Home Equity Down Slightly Across U.S. in 4Q 2023


IRVINE, Calif. – Attom has released its fourth-quarter 2023 U.S. Home Equity & Underwater Report, which shows that 46.1% of mortgaged residential properties in the United States were considered equity-rich in the fourth quarter, meaning that the combined estimated amount of loan balances secured by those properties was no more than half of their estimated market values.

The portion of mortgaged homes that was equity-rich in the fourth quarter of 2023 decreased from 47.4% in the third quarter of 2023, marking the second straight quarterly decline. The latest figure also was down from 48% in the fourth quarter of 2022.

At the same time, the report shows that the portion of mortgaged homes that were seriously underwater in the U.S. rose slightly in the last few months of 2023, from 2.5% to 2.6% of all residential mortgages. Seriously underwater mortgages are those with combined estimated balances of loans secured by properties that are at least 25% more than those properties’ estimated market values.

“There are increasing signs suggesting that the extended period of prosperity in the U.S. housing market may be showing signs of easing,” said Rob Barber, CEO for ATTOM. “It’s not as if there are big warning signs flashing. Similar things were happening early last year before the market surged in the Spring. But the softening of equity follows a dip in resale profits last year for the first time in more than a decade as prices have stopped soaring through the roof. This year’s peak buying season will tell us a lot about whether things really have settled down long-term.”

The fourth quarter price decline capped off a year when the median home price grew annually by just 2%, marking the weakest growth since 2012 when the U.S. housing market was just starting to recover from the aftermath of the Great Recession that hit in the late 2000s. Prices grew at only a modest pace in 2023 amid a mixed scenario of rising mortgage rates that offset upward pressure from a tight supply of homes for sale, strong employment and a rising investment market.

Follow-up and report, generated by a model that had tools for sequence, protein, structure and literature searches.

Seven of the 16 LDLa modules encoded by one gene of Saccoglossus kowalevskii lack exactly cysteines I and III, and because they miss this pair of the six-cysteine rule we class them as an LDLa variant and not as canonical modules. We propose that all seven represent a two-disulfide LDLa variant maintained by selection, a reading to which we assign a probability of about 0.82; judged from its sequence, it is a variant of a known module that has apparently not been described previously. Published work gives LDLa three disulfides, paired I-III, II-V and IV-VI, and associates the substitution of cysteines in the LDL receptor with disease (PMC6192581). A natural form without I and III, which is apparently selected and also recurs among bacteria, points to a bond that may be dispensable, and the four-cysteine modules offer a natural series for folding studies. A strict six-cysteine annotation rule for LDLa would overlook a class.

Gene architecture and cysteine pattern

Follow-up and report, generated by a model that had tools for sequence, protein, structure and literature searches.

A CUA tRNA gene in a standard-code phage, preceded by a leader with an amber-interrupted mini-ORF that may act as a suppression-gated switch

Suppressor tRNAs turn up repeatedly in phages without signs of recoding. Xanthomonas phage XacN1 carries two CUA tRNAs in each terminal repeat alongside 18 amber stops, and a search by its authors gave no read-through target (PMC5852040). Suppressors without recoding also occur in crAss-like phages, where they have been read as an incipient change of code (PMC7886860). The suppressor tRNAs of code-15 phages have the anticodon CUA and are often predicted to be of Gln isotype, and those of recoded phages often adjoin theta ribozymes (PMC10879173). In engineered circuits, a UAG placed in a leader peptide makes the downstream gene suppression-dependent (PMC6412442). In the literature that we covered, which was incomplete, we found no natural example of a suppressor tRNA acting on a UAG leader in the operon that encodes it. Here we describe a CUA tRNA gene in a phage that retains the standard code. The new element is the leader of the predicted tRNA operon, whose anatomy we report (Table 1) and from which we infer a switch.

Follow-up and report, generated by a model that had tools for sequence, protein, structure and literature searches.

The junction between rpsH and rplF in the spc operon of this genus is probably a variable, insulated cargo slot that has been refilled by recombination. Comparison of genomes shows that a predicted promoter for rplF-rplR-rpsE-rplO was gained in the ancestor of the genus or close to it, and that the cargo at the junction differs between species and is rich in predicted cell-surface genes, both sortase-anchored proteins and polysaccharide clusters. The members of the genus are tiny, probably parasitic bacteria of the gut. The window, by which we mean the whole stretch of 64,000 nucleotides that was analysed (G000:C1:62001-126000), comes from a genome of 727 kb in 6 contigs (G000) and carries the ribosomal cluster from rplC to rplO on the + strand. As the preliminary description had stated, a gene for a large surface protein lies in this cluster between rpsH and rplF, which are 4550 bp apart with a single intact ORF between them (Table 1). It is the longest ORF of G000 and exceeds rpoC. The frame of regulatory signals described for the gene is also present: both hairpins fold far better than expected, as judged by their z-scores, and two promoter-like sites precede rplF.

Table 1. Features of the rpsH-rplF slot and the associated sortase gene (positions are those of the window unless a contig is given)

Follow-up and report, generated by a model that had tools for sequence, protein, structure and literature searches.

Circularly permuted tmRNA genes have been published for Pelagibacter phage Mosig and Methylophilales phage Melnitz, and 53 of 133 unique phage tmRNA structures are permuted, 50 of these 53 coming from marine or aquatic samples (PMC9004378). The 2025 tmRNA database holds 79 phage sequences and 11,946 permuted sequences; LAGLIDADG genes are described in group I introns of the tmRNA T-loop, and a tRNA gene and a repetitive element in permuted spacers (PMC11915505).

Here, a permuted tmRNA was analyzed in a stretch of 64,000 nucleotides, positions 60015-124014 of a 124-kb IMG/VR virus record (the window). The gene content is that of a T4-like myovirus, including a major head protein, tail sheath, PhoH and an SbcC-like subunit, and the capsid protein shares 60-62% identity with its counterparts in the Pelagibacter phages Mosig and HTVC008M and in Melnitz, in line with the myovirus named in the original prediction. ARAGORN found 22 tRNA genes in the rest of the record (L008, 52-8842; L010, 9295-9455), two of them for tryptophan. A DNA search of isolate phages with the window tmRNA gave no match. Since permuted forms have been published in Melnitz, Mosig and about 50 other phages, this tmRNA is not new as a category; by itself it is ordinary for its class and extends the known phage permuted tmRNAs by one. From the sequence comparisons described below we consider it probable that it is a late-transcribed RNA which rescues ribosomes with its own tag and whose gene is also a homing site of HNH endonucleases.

The potential for more uneven equity trends remains in place as the housing market heads into its annual peak Spring and Summer buying season but faces elevated prices that remain a financial stretch for wide swaths of the potential buying public.

Equity-rich share of mortgages drops in most states

The portion of mortgages that were equity-rich decreased in 41 of the 50 U.S. states from the third quarter of 2023 to the fourth quarter of 2023, commonly by one to three percentage points.

 The biggest declines came in the Midwest and West regions, led by Missouri (portion of mortgages homes considered equity-rich decreased from 41.9% in the third quarter of 2023 to 37.3% in the fourth quarter of 2023), Minnesota (down from 39.5% to 35.9%), Michigan (down from 48.5% to 45.1%), Washington (down from 56.7% to 53.5%) and Utah (down from 56.8% to 53.7%).

At the other end of the scale, equity-rich levels rose in just nine states from the third quarter to the fourth quarter of last year, with the largest improvements concentrated in the Northeast region. The biggest increases were in Vermont (up from 79.8% to 82.8%), West Virginia (up from 30.5% to 32%), Wyoming (up from 39.9% to 41.2%), New Jersey (up from 45.9% to 46.8%) and Connecticut (up from 41.5% to 42.4%).